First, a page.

An Inconvenient Truth for Florida. Lawmakers in the Sunshine State are still in a state of denial, and that will probably come back to haunt them in the years to come. Here's an excerpt of an Op-Ed at gainesville.com: "...Yet as noted at the conference, state lawmakers have passed on large-scale mitigation efforts to prevent seawater from infiltrating the freshwater aquifer that supplies drinking water. The state is also keeping residents from taking steps to cut the carbon emissions that contribute to climate change. Florida is ranked third in its potential to produce solar energy yet is just one of four states that limit electric sales to utilities, according to the Herald. Florida’s major utilities have gutted solar rebate programs and energy-efficiency goals, and now are fighting an initiative that would create solar competition for them..."

Photo credit above: "A man walks the flooded sidewalk along Indian Creek Drive in Miami Beach on Sept. 28." Mily Michot/The Miami Herald via AP.

Disaster Resilience Key to Managing Climate Change, Say Insurers. The insurance industry is sitting up and paying attention to the trends. Climate disruption is already hitting them (and their clients) in their wallets. Here's an excerpt from The Sydney Morning Herald that got my attention: "...Mr Carney pointed out that the number of weather-related loss events has tripled since the 1980s. Inflation-adjusted insurance losses from these events had increased from an annual average of about $10 billion then to about $50 billion over the past decade. "While there is still time to act, the window of opportunity is finite and shrinking," he warned..."

Photo credit above: "The number of weather-related loss events has tripled since the 1980s. Inflation-adjusted insurance losses from these events have increased from an annual average of about $10 billion then to about $50 billion over the past decade." Photo: Mark Nolan

What The Historic South Carolina Floods Can - and Can't - Tell Us About Climate Change. Here's a snippet of additional perspective from The Washington Post: "...Thus, you can certainly say for the South Carolina floods — as you can for the 2013 Boulder, Colo., floods, and the Texas and Oklahoma floods earlier this year — that they are consistent with what we would expect in a warming world. “As the world warms, more water evaporates from the ocean, as well as lakes and rivers,” says  Katharine Hayhoe, a climate scientist from Texas Tech University. “That means that, when a hurricane or a storm system comes along, there is on average more water vapor available for it to pick up and dump on us than there would have been 50 or 100 years ago...”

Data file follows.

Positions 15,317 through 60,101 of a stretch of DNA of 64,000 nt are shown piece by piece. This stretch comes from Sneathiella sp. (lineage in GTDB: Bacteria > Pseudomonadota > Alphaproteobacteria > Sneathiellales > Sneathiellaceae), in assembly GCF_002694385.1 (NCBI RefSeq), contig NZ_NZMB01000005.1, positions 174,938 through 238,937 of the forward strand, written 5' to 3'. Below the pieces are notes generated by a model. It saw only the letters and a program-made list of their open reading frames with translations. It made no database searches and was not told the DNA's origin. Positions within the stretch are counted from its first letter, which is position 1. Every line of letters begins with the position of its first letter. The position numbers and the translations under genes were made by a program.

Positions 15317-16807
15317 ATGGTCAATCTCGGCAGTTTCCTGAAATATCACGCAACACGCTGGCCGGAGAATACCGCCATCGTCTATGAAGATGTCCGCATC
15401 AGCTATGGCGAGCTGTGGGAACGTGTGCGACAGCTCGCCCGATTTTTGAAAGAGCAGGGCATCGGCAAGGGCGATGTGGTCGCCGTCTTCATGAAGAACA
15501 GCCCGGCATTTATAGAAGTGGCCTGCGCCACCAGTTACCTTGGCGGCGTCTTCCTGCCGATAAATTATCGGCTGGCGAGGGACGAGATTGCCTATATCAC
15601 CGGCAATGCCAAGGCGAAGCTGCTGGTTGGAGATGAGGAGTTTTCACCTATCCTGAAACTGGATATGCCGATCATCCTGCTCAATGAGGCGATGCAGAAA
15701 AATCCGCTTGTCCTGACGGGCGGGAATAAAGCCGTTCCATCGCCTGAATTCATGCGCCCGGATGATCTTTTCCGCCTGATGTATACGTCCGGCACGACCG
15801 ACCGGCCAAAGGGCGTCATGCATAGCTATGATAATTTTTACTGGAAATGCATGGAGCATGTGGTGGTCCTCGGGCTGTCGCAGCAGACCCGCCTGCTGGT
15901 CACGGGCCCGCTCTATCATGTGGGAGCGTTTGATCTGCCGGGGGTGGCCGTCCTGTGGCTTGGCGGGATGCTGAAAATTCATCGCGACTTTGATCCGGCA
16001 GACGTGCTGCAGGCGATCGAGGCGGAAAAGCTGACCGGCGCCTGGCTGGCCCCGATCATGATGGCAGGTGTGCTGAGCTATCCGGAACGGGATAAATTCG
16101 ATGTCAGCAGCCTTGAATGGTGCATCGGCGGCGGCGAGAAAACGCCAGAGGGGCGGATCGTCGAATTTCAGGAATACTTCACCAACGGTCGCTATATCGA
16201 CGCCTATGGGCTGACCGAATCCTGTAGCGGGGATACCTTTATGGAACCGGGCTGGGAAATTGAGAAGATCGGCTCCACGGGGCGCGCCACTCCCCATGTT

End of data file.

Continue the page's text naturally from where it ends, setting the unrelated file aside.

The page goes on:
Map credit above: "The map shows percent increases in the amount of precipitation falling in very heavy events (defined as the heaviest 1% of all daily events) from 1958 to 2012 for each region of the continental United States." Source: U.S. National Climate Assessment

Wells Fargo Statement on Climate Change. Full disclosure: I am a Wells Fargo client, and my business provides services for Wells Fargo. Here is an excerpt recent statement from Wells Fargo: "...We join with the growing number of businesses, customers, and communities in expressing our view that we all need to do our part to find solutions to the climate change challenge. Specifically, we believe non-governmental organizations (NGOs) must continue to work constructively and collaboratively with private and public sectors to develop viable climate solutions; and governments need to establish clear climate change policy frameworks thta provide the market with the certainty it needs to increase investment in low-carbon solutions and innovation..."

Citigroup, Citing Climate Change, Will Reduce Coal Financing. Here's an excerpt from a story at Bloomberg Business: "Citigroup Inc., the third-biggest U.S. bank, said it will cut back on financing for coal mining projects, in the latest blow to the industry that’s viewed as a key contributor to global warming. Citigroup said its credit exposure to coal mining had “declined materially" since 2011 and that the trend would continue into the future. The policy applies to companies that use mountaintop removal methods as well as coal-focused subsidiaries of diversified mining companies, according to the New York-based company’s Environmental & Social Policy Framework guidelines posted online Monday..."